In 2013, we won the MassChallenge competition for $50K, the Megawatt Ventures competition for $100K, the ACC Clean Energy Challenge for $100K, and the National Clean Energy Business Plan Competition sponsored by the Department of Energy. We have done a lot of hard work to win these awards, and have tried to rely on organic fundraising rather than venture capital along the way.

What is next for your company?

These awards are helping us get up and running. Given that our product came from NC A&T, the university owns the patents, but we developed the technology and have exclusive rights for licensing.

The current world market for asphalt binder is $100 billion, the U.S. market is $16 billion, and our target is $7 billion of the U.S market. If our company converted all the manure generated each year here in the U.S., there could be $128 billion in revenue from diversifying into other high-end markets with applications for roofing, book binding, construction, and carpet, among other things. That is very exciting. I am currently learning the process of getting certification for these other applications so that we can get right to work.  The commercialization stage will require significant capital. We won’t actually purchase property to host pigs. We will co-locate our reactors on already existing hog farms as a supplement to better manage their manure. Already, we have two farmers from large commercial hog farms willing to give us land to place our reactor on their farms.

Right now we are raising funds for our pilot reactor as part of the scale up process to our big commercial reactor. The asphalt industry is interested and we currently have two pre-buy letters of intent, one of them is for 90,000 tons of swine asphalt a year.  If those get finalized, we will definitely need to scale up with a larger reactor while pursuing other applications of processed swine manure.

How do you balance starting up a company while in school?  Any advice for future entrepreneurs?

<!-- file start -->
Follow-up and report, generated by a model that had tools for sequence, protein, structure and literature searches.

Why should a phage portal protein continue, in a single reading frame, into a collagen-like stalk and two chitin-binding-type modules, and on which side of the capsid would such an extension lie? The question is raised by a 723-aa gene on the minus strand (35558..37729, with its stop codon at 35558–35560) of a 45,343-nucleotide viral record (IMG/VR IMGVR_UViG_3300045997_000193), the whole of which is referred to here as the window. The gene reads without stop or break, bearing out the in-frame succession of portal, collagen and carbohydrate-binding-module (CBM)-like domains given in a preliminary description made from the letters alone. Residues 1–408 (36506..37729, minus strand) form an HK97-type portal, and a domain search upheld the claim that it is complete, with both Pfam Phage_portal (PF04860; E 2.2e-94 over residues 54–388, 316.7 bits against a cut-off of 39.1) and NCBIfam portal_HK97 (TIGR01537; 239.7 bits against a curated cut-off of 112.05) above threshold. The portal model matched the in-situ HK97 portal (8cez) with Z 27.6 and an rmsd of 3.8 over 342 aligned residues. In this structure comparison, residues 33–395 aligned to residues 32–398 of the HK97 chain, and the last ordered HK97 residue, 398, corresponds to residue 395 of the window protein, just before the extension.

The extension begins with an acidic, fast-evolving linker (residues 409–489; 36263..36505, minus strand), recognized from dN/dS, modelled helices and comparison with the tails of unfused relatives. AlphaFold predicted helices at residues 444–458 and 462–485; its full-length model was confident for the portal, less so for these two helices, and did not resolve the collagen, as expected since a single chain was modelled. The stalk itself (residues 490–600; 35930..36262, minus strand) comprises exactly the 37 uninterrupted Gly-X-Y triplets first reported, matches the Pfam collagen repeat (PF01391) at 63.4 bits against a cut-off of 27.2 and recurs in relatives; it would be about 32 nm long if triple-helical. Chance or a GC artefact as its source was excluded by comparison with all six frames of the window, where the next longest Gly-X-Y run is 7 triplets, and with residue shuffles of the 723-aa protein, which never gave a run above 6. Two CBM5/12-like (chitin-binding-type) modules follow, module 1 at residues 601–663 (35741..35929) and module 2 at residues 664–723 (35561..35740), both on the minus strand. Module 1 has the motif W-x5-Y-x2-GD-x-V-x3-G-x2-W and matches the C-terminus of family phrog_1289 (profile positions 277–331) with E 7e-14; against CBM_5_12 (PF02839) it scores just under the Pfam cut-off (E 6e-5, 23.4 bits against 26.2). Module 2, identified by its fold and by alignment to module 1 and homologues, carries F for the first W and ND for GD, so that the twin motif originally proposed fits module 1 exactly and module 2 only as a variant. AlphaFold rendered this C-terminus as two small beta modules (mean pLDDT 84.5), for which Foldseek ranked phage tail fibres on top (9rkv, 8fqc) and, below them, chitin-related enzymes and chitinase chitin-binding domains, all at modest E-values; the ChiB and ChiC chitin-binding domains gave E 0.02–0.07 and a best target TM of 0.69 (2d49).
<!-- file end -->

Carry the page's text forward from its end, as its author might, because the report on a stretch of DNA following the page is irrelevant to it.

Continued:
I balance many different responsibilities which can be hectic at times, but I am really thankful for the opportunity to be a part of each one of them. My faith is definitely the ultimate driving factor for everything I do in life. Not only do I work in the manure business, but I am also a graduate student, an intern at my local church, and perform research on the side.  I have had to keep the goal right in the center of my mind and be patient.  Everybody wants to make money, but I want to make money and also help people. Our product has applications all around the world.  I recently read a story about a hog farm in Chile that had to close down because the farm had so many pigs and the manure could not be properly managed. This was causing a grave situation as the manure began to contaminate water in the nearby valley, presenting a danger to the population. Bio-Adhesive Alliance can help take swine manure away from places suffering from such problems, and use it to make roads in places that don’t have roads.

The real question is: What else can we take that is viewed as worthless... and make a difference with it?  Keep this in mind.

[This article is part of a series of OSTP blog posts celebrating the month of November as National Entrepreneurship Month.]

Douglas Herrin is a Student Volunteer at OSTP